“When I held a street meeting the special forces were standing nearby with a prisoner truck – the fear of the authorities is out of all proportion.”
Meanwhile Alexander Lukashenko, the Belarussian president, accused Moscow on Sunday of trying to incorporate his country into Russia and said he would not “bury” Belarus‘s sovereignty.
“The Russian leadership is demanding that we join the Russian Federation – that’s what is in the heads of the Russian leadership. I don’t want to bury the sovereignty and independence of the country,” Lukashenko said on state television.
Lukashenko’s comments referred to a long-standing plan to create a joint state and came after a bitter oil transit row between the two countries that disrupted supplies to the European Union.
“From all the consultations and discussions, I have understood that we have different approaches and understandings of the building of a union state.
“The Baltic gas pipeline – it’s the most stupid plan in the history of Russia. It should be in the Guinness book of records”
Alexander Lukashenko, Belarussian president
“A union should be created on principles of equal rights. We’ve never talked about the possibility of the country’s incorporation into Russia,” Lukashenko said as he cast his vote in district elections.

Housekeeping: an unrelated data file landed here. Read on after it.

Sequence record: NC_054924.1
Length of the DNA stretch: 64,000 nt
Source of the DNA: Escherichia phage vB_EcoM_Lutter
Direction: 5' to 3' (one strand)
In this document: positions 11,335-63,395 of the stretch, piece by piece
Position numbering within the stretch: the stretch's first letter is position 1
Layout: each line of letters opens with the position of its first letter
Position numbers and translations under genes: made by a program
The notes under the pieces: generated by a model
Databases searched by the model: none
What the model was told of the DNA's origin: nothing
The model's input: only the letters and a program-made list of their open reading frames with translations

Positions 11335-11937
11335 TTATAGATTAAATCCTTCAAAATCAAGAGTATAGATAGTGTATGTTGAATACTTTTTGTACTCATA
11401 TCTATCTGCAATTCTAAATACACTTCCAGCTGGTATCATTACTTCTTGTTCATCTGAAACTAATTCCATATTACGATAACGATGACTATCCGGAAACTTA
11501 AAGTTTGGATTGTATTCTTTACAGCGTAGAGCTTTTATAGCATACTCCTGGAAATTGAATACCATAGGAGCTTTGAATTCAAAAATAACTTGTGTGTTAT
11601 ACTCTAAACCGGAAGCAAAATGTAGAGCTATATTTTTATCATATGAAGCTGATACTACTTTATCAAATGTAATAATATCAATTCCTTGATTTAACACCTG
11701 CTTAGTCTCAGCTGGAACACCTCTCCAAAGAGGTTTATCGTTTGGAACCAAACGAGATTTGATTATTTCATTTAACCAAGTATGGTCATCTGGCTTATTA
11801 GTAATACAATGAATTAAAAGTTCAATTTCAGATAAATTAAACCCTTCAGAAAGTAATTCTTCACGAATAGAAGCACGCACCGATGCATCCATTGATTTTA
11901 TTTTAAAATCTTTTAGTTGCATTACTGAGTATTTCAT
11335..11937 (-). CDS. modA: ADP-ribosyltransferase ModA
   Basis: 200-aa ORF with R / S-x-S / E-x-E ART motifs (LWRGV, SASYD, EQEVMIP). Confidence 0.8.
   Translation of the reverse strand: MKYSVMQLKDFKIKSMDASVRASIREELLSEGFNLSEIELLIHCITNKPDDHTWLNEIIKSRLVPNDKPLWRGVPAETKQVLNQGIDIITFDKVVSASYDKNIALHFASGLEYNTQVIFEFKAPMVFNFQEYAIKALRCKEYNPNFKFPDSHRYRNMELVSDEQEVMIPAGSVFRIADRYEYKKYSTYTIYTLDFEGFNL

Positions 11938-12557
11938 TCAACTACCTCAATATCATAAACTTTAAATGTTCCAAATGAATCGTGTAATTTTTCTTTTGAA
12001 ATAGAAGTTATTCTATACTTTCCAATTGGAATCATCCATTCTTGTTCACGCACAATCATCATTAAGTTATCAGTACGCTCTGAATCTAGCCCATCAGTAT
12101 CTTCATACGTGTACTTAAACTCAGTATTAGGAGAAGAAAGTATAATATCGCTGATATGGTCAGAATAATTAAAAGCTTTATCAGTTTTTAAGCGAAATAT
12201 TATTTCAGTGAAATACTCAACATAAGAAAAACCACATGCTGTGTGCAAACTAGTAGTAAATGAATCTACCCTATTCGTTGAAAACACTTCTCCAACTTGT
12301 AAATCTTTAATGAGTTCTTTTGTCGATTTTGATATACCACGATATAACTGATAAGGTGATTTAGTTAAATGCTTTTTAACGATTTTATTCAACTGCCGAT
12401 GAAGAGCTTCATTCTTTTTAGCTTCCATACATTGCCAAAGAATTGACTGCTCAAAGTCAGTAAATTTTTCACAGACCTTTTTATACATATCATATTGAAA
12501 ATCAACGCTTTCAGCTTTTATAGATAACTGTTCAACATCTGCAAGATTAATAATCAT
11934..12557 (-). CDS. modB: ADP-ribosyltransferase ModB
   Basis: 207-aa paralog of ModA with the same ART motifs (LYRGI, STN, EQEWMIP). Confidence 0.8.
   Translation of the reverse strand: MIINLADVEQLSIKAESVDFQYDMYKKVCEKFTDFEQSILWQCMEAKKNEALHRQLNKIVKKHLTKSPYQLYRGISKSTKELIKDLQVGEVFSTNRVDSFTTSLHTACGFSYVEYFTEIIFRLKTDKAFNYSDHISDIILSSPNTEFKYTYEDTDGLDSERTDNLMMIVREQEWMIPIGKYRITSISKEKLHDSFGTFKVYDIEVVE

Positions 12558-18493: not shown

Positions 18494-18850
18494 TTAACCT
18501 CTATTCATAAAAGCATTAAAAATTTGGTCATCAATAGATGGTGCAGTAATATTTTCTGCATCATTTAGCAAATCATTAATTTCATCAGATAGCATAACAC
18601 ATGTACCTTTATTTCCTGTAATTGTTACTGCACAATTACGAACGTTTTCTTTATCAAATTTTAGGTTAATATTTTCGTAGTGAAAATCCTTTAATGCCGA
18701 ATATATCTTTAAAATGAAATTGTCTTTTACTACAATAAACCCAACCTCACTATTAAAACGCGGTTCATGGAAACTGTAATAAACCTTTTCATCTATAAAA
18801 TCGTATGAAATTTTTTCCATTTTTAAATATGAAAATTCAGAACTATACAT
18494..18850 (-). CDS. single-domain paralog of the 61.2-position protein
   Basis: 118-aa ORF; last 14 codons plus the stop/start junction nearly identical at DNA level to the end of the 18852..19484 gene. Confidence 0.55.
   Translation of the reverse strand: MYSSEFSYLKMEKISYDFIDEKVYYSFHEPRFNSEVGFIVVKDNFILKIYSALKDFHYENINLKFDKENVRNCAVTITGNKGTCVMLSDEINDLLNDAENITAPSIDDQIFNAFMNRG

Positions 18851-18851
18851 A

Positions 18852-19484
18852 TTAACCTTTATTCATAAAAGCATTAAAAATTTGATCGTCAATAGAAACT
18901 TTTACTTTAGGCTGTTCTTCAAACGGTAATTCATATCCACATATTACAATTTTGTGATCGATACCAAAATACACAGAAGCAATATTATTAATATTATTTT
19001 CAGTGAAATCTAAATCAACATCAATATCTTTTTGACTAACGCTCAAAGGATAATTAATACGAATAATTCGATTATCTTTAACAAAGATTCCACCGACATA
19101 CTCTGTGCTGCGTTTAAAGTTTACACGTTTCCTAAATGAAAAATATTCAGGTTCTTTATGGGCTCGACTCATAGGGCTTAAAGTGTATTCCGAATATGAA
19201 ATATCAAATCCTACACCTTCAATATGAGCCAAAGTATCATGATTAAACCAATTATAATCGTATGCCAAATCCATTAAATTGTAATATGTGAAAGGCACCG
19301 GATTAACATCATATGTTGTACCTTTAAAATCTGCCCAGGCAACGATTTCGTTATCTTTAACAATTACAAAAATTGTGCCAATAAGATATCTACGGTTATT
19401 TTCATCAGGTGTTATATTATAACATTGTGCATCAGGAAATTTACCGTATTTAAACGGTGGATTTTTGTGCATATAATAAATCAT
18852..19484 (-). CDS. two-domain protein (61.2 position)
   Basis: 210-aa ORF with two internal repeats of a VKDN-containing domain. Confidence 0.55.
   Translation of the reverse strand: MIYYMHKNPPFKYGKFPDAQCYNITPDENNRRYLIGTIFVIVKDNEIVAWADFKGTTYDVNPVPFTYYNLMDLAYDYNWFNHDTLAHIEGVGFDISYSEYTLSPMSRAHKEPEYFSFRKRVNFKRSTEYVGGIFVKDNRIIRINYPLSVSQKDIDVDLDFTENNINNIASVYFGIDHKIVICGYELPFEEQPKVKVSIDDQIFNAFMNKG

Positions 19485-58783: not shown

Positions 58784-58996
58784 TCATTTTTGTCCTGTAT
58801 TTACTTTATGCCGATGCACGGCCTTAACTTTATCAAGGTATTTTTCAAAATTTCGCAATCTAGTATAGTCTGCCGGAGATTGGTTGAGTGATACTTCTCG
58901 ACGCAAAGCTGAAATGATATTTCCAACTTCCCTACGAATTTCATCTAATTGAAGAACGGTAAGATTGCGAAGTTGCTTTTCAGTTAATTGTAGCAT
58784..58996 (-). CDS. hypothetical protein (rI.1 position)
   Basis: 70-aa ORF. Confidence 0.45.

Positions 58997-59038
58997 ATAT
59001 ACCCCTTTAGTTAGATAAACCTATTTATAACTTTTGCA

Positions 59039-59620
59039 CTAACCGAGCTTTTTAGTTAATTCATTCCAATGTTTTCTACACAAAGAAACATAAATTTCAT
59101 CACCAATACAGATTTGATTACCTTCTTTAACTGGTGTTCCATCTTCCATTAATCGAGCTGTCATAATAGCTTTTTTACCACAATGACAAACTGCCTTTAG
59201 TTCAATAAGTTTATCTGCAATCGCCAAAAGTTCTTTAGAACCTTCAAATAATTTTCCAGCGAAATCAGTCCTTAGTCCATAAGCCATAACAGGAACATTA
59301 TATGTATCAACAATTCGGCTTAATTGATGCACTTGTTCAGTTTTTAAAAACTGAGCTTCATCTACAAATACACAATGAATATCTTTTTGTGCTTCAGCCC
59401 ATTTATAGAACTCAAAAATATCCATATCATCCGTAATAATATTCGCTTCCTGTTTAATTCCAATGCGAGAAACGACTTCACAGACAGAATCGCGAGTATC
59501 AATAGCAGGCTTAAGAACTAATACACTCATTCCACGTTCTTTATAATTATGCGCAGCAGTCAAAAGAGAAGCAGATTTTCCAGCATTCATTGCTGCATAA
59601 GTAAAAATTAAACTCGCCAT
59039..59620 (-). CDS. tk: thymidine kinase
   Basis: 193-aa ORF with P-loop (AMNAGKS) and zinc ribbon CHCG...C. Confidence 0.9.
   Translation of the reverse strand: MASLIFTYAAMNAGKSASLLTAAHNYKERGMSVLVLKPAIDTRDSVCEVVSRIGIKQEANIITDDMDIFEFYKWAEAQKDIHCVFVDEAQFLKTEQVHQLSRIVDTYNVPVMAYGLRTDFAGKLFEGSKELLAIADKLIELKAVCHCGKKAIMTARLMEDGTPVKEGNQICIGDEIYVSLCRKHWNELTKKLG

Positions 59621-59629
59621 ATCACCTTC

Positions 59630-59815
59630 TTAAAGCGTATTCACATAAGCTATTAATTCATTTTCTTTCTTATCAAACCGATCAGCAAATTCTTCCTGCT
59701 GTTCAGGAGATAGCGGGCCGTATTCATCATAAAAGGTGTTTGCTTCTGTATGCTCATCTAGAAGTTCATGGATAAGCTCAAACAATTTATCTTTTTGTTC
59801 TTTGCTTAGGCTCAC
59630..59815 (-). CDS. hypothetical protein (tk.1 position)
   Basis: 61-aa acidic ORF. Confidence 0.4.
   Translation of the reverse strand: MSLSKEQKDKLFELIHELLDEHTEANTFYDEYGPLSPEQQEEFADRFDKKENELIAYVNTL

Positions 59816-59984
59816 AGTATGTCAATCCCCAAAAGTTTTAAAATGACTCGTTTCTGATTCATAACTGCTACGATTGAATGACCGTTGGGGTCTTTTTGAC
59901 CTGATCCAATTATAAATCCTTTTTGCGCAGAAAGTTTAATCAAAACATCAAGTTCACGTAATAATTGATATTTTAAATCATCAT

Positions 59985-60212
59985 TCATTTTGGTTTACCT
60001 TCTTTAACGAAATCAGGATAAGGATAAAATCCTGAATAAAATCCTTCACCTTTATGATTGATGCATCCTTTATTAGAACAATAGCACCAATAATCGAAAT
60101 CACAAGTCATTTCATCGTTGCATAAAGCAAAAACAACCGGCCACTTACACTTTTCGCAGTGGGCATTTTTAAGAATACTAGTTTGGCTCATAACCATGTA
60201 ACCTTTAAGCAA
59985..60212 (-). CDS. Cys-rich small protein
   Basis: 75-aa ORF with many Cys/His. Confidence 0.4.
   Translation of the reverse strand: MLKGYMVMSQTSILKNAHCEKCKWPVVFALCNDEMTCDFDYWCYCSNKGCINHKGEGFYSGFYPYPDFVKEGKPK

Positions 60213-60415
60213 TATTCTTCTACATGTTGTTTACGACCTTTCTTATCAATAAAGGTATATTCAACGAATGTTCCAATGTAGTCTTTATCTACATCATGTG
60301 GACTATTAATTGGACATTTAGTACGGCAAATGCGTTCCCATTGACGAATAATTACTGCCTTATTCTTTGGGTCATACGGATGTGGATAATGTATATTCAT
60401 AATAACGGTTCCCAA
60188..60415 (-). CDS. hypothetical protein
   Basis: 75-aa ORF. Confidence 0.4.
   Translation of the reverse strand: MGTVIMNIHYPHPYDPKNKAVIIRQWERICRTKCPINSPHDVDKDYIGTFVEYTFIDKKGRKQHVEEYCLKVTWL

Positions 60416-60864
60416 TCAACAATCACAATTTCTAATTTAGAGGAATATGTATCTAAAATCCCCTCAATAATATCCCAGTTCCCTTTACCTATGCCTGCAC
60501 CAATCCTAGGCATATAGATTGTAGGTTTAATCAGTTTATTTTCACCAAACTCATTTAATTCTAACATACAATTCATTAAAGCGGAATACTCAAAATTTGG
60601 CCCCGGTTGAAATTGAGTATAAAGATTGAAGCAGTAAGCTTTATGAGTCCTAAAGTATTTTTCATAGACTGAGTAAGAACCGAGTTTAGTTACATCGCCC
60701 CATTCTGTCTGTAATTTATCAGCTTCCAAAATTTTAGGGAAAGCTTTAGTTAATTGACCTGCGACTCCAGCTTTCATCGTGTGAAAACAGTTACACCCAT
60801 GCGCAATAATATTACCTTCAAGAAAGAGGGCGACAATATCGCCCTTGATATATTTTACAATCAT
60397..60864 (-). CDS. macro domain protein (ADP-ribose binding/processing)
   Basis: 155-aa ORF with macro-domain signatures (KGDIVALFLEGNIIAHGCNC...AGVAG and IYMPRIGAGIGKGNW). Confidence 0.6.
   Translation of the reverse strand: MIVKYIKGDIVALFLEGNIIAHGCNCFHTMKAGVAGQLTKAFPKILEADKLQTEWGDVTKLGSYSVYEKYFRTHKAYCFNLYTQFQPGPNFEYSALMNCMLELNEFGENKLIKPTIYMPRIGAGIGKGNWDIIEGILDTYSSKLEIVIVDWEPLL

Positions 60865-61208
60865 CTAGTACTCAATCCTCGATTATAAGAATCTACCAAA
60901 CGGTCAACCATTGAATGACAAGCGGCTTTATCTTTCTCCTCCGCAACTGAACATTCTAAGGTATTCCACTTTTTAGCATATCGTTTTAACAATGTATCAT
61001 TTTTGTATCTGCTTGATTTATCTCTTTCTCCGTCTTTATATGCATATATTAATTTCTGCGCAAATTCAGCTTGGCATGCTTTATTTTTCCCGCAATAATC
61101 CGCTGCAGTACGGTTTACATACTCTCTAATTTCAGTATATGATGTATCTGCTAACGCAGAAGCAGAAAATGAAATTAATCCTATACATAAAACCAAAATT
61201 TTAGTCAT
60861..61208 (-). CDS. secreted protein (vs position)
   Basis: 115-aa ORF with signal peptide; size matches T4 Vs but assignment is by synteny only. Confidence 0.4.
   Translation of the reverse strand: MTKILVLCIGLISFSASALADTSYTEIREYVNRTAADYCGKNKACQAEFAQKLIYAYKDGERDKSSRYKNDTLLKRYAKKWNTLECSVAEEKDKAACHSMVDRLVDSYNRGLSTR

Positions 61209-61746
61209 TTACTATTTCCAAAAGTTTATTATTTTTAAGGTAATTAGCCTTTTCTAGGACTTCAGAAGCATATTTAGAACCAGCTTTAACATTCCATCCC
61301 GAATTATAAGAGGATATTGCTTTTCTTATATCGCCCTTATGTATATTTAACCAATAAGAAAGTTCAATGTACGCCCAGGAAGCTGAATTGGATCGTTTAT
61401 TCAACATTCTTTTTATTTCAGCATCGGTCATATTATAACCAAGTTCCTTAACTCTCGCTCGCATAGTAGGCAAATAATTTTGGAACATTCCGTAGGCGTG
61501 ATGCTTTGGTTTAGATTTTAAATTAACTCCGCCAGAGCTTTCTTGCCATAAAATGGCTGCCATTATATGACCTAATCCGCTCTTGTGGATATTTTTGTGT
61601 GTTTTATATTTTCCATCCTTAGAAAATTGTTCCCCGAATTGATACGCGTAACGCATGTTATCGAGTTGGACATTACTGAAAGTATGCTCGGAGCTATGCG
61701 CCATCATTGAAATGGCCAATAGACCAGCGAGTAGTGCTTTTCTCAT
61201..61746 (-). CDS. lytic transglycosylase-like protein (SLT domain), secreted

Lukashenko again accused Russia of being the guilty party in the oil transit dispute, which prompted a shut-down of the main oil pipeline from Russia to the EU last Monday, before a resolution was found on Wednesday.
“If Russia is going to reach for the valve every year, is going to switch off the gas and oil supplies to its ally, we can’t talk about a union state,” Lukashenko said.
Lukashenko was also scathing about the Nord Stream pipeline project, which would bypass the ex-communist countries of Eastern Europe and take natural gas to Germany and other western European nations.
“The Baltic gas pipeline – it’s the most stupid plan in the history of Russia. It should be in the Guinness book of records,” Lukashenko said.
“It’s not known what will happen to it as it passes through piles of ammunition on the bottom of the Baltic Sea,” he said, referring to environmental concerns related to World War Two debris on the Baltic sea bed.